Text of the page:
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When John Deere said "No" to tractors

Good morning innovators, change-makers, and entrepreneurs. This newsletter and podcast feature stories about the people – past, present and future – who change the world. They make decisions and take actions enlivened by what I call The Entrepreneur’s Ethic. The Entrepreneur’s Ethic infuses people, organizations and places where the future is created, and the world is made a better place. One of the Entrepreneurs featured in my upcoming book, The Entrepreneur’s Ethic, is John Deere, the historic agricultural entrepreneur. Deere’s fame and fortune resulted from his work innovating the plow over decades, that most ancient of agricultural tools. There are seven parts of The Entrepreneur’s Ethic. Deere’s work exemplifies Ethic 6: Enjoy the Edge. This is the truth-seeking-orientation of entrepreneurship.

Find here an historic case study of John Deere from about 20 years into his entrepreneurial journey. In the late 1850s, Deere decided to get involved in a project to develop what we today call a tractor.

The idea that a machine might pull a plow or another farm implement better than a horse or mule was not altogether original, but a new technology at the time enabled one of the earliest demonstrations of what a tractor might be. John Deere, and others, could see in the 1850s that it would be valuable to have a machine for farm work rather than a horse or mule. But was the technology available to make tractors feasible? It took a long time for all the technical pieces of the puzzle to fall into place and tractors to become effective and affordable machines. John Deere exhibited a great capacity for looking into the fog of uncertainty about the potential for the tractor and navigate how he and his business allocated time and money to it.

Good Reads

Three Things I Think (I Think)

While working to start my first business in 1996, E-Markets, I did consulting work for Kodak, the film and camera company. Kodak’s business was growing strongly at the time, and my job was to help them understand how to source a key ingredient used to make film. I found myself in Kodak’s headquarters in Rochester, New York late in 1996 to make a presentation of project results. The Kodak executives who had commissioned the project were happy with our work, but toward the end of the meeting, my much more experienced project partner asked an interesting question. “Have you thought about what the impact of digital photography may be on your business?” I don’t recall exactly what the Kodak executives’ responses were, but it was something like: “We’ve explored a lot about digital photography and even marketed the first commercial digital camera, but we don’t think it will be much more than a niche.” Boom. Digital cameras started to gain traction in 1997 and 1998 and within a couple years began to put a serious dent in Kodak’s film business. Then cell phones started to integrate cameras. Then Apple introduced the iPhone in 2007. In 2010, Kodak declared bankruptcy. Hang with me here, but I think Kodak in 1996 (and each of us today) can learn some things from how John Deere approached the 1850s tractor project described in this week’s case study. 1. The Value of Asking the Right Questions – I really appreciated the consulting income I made from Kodak in 1996, but looking into ingredient sourcing for making film was asking the wrong question. The right question was about the impact of digital photography on the film business. To be fair, it is very difficult for any business or organization to face existential threats squarely. But if a threat is something that can kill your business, ignoring it only guarantees the outcome. Large language models like ChatGPT may be able to provide good answers to many questions, but they cannot help ask intelligent questions. That requires real intelligence, not artificial. 2. Investing Money – The efficient frontier is a key concept in portfolio theory. The idea is that there is an optimal portfolio that offers the highest expected return for given risk levels. I’m simplifying, but portfolios are often constructed in such a way that something like 2 or 3 percent of assets are allocated to the highest risk investments such as venture capital. I think most large businesses underinvest in higher risk projects, however. One might argue that this underinvestment is what creates opportunities for startup businesses, but I think it's more symptomatic of larger challenges people and organizations have understanding and managing risks. 3. Investing Time – Our most limited resource is time, not money. How do you invest your time? What part of your time portfolio is invested in higher risk/higher potential reward endeavors? What circumstances warrant starting a new project? What circumstances warrant closing down or quitting a project?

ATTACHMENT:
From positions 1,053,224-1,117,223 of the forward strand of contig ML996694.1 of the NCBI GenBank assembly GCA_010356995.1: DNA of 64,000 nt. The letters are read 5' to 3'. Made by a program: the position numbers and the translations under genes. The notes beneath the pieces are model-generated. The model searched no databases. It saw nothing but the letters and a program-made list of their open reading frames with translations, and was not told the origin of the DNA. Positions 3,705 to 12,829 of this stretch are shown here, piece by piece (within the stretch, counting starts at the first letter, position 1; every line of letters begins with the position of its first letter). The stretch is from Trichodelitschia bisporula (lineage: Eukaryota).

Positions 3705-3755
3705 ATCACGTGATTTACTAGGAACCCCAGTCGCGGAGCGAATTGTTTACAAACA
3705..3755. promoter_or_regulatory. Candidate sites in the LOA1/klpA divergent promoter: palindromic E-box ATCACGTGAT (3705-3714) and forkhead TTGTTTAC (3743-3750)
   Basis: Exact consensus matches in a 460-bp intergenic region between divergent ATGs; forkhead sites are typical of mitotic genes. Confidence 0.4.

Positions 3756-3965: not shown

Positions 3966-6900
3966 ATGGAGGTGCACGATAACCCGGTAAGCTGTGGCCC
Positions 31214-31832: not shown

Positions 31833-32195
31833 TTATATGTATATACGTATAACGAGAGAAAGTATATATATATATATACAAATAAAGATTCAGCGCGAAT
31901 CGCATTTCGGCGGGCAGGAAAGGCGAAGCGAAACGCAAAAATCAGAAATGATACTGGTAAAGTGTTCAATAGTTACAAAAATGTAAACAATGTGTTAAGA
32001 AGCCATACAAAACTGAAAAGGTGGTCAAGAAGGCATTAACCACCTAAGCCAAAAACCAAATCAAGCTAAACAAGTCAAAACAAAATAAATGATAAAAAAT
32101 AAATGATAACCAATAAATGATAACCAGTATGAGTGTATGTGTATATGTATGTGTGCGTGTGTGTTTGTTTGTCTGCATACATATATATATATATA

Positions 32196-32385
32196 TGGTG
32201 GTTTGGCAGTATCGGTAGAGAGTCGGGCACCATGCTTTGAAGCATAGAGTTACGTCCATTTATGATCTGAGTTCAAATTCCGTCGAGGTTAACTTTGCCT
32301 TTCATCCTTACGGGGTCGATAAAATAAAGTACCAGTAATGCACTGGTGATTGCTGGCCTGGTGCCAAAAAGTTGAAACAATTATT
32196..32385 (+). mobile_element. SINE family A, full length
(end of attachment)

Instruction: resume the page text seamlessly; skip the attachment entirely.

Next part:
Farm to My Table

Alex Hage recently came to my office for a catch-up chat. And he came bearing gifts. He brought me a Sight for the Blind beer four-pack from his Inwood, Iowa brewery, Blind Butcher, in collaboration with Backpocket Brewing. This IPA is really good. Gifts aren’t required to meet me. Really.

More seriously, Alex’s work to fund work at the University of Iowa Institute for Vision Research is inspirational. I wrote about his journey, Entrepreneuring for Eyesight. It’s impactful. And important. And I just donated.


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